A properly functioning free market does not reward people based on merit; it rewards people based on output. If someone produces goods or provides services that are valued by others, then she will be rewarded for it. Perhaps this comes easily to her, or perhaps it’s difficult. There are some born with innate talents while others struggle to learn viable skills. Still others are born into propitious circumstances that make success easier, while others begin life in situations that hinder their future success.
If merit comes from striving, effort, or overcoming adversity, then a free market works to diminish the amount of meritorious action in order to increase productivity. Efficiency is preferred over toil. If holes need to be dug, then they should be dug in the most efficient manner possible, not in the most meritorious manner. Digging a hole is hard work, and digging a hole with only one arm is even harder work, but it would be odd if we determined the value of hole-digging based on these considerations.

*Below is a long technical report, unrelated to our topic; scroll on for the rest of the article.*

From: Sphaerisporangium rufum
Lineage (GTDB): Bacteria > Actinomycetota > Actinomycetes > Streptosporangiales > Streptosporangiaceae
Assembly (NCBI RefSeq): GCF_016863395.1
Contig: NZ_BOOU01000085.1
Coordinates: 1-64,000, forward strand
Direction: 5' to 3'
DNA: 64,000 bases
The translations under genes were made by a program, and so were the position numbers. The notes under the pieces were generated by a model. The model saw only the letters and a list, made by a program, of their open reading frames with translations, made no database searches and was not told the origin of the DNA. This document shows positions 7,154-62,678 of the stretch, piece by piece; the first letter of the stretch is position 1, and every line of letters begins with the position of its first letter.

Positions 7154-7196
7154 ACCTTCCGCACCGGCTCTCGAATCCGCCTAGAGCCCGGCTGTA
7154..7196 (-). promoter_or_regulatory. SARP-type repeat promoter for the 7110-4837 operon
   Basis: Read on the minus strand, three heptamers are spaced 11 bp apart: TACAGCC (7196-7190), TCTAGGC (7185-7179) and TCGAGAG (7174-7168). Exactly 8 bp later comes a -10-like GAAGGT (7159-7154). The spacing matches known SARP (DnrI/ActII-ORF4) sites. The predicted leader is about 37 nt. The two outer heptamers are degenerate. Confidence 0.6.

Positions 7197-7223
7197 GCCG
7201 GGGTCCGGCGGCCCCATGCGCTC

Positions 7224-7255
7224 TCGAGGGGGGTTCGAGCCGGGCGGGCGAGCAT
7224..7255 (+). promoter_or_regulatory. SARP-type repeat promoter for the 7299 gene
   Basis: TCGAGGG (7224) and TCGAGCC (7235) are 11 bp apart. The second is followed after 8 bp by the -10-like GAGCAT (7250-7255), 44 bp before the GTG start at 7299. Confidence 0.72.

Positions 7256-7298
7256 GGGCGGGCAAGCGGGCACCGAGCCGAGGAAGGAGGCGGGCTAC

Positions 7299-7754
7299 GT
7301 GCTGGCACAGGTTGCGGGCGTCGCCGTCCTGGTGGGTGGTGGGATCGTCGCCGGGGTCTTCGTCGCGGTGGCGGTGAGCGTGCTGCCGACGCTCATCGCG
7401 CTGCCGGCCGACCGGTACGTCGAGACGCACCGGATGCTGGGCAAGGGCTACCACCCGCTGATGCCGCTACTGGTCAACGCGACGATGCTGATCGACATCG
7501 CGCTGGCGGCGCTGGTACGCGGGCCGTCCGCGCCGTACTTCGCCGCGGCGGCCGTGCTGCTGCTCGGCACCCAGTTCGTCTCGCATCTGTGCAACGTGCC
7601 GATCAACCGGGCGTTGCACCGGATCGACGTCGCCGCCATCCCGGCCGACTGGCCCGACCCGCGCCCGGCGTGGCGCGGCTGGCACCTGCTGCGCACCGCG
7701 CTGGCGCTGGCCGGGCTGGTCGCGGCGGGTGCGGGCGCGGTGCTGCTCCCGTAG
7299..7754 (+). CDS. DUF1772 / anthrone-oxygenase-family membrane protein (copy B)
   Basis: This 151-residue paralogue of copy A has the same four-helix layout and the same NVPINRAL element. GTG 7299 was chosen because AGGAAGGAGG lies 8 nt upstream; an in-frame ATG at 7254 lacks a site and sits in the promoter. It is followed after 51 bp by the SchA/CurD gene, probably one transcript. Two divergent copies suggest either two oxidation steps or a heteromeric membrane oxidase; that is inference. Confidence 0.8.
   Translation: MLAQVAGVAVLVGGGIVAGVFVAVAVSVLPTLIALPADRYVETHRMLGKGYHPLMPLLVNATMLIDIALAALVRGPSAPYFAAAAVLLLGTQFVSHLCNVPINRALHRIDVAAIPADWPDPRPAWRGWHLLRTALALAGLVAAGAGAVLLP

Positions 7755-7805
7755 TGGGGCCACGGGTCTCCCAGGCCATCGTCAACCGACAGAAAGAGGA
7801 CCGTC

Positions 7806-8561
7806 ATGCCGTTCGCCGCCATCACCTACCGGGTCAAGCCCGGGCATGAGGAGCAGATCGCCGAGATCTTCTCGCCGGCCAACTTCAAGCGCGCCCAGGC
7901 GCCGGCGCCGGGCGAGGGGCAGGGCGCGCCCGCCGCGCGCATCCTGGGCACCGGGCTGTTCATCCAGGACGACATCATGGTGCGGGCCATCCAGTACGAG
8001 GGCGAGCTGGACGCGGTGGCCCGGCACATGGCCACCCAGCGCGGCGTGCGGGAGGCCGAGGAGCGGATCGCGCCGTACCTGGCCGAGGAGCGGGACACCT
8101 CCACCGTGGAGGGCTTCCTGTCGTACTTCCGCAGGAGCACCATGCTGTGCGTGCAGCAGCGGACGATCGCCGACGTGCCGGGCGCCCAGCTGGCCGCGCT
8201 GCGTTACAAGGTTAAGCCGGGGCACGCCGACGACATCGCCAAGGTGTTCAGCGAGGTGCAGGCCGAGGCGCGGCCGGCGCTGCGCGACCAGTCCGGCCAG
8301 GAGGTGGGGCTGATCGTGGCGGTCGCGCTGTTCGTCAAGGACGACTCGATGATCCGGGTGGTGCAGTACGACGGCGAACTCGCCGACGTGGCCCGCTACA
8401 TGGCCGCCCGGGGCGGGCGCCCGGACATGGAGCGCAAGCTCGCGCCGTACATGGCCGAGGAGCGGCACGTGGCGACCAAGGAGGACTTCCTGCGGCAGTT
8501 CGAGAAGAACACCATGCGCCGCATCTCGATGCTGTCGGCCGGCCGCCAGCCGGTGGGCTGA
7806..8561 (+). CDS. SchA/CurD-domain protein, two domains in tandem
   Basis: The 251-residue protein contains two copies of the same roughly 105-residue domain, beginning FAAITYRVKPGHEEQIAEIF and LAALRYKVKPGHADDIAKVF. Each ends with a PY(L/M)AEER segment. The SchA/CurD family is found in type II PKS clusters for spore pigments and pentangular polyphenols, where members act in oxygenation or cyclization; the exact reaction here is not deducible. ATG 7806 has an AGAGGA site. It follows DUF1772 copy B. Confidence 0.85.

Wealth is not a sign of merit, and poverty is not a sign of failure. As I’ve argued before, we should champion the free market as a system where productivity allows people to be artists, record store clerks, or even bums. We can personally praise or chastise anyone for their life-choices and values, but we should not argue that the market is there to do it for us.